#OccupyWallStreet and the Evolution of the Web
With the Occupy Wall Street movement (also known as #OWS) finally making headlines around the world and capturing people’s imaginations, the timing of Contact Summit 2011, tagline: the evolution will be social, taking place in New York City on Thursday, October 20, could not be any more timely.
The emergence of the #Occupy so-called protests that started in New York City last month and are now spreading fast across North America (with #OccupyToronto taking place today, October 15 on King St. and Bay St. downtown) has been described by noted media theorist Douglas Rushkoff as the first net-era movement in North America, taking its cue from the collaborative, open source, and sustainable models many people around the world are working to build right now.
Mohamed El-Erian, CEO of PIMCO (with over a $1 trillion under management) argues that #OWS is more than just a nascent movement that will grow in the weeks and months ahead. Along with the non-violent grassroots protests that we have seen emerge from the Arab Spring earlier this year, particularly in Egypt and Tunisia, El-Erian argues that #OWS is part of a worldwide drive for greater social justice that has the potential to unify people from diverse cultural backgrounds, political affiliations, religions, and social classes. He also dismisses skeptics and critics of the #OWS movement as repeating the mistake that many made in Egypt, Israel and Tunisia—that of falling hostage to an outmoded way of thinking about seemingly-leaderless grassroots movements.
Rushkoff also makes a similar argument wherein he argues that the reason why some mainstream news journalists and many of the audiences they serve see the #OWS protests as incoherent, is precisely because the press and the public are themselves. He notes that it is difficult to comprehend a 21st century movement from the perspective of the 20th century politics, media, and economics in which we are still steeped. Rushkoff goes on to say that unlike a political campaign designed to get a person in office and then close up shop (as in Obama ’08), #OWS is not a movement with a traditional narrative arc. Rather, it is the product of the decentralized networked-era culture that makes up our reality today, where it is less about victory than sustainability; it is not about one-pointedness, but inclusion and groping toward consensus; it is not like a book, it is like the Internet.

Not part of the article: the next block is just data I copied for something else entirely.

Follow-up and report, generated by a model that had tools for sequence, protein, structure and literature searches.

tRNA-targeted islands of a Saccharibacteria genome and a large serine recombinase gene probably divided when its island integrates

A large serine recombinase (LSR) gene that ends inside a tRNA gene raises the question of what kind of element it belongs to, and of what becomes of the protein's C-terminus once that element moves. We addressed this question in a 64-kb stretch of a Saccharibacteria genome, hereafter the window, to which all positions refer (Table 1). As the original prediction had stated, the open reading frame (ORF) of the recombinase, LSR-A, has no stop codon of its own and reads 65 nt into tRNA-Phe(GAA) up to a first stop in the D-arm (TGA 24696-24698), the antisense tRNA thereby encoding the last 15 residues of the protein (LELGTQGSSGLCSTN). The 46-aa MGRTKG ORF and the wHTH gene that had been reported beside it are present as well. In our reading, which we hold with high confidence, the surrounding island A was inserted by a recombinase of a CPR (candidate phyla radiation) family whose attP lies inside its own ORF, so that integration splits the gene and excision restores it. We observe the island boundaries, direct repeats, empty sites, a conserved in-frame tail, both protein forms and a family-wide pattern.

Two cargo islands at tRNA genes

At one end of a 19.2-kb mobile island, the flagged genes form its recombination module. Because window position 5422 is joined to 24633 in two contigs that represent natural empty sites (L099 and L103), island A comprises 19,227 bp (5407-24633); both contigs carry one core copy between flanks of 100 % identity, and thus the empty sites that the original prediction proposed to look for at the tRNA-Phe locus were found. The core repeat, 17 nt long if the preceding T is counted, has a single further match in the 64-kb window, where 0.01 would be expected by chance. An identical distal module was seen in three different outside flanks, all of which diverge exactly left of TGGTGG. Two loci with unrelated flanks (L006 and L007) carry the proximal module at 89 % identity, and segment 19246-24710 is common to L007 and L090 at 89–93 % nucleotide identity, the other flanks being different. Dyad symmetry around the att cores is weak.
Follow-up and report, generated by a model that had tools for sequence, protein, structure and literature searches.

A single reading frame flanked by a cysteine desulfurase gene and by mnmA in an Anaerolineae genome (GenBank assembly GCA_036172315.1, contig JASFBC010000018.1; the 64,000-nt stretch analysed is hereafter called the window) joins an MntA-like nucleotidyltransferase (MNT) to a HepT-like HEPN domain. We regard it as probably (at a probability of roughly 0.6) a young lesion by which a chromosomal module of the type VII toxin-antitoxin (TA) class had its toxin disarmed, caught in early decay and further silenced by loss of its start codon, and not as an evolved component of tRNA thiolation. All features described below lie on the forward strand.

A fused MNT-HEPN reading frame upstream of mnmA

Returning to the Contact Summit, convened and hosted by Douglas Rushkoff himself, and with the likes of Dennis Crowley (founder of Foursquare), Eli Pariser (founder of MoveOn.org) and Clay Shirky attending, along with a number of other very talented people, the conference should prove to be interesting especially given the very participatory and results-oriented nature of the event. The Collaboratory—a “collaboratory” of attendee-conceived and moderated conversations taking place throughout the day, along with The Bazaar—a two-hour midday festival of demos, have been designed to produce results with the question, What concrete steps can we take to realize a true potential of the networked era?, kept in mind.
From the Contact Summit website:
“Contact is a working festival of innovation where the net’s leading minds and entrepreneurs can connect with the people who are building the social technologies of tomorrow. The net of the future will not be fueled by ads, but by people solving real problems through distributed, peer-to-peer solutions. This is dormant promise of the Internet, finally coming to fruition.”
Im looking forward to attending and participating at Contact in New York City next week and will certainly be keeping close tabs on the #OWS movement, especially now that I am back in Canada for the next little while and all of this hits way too close to home.
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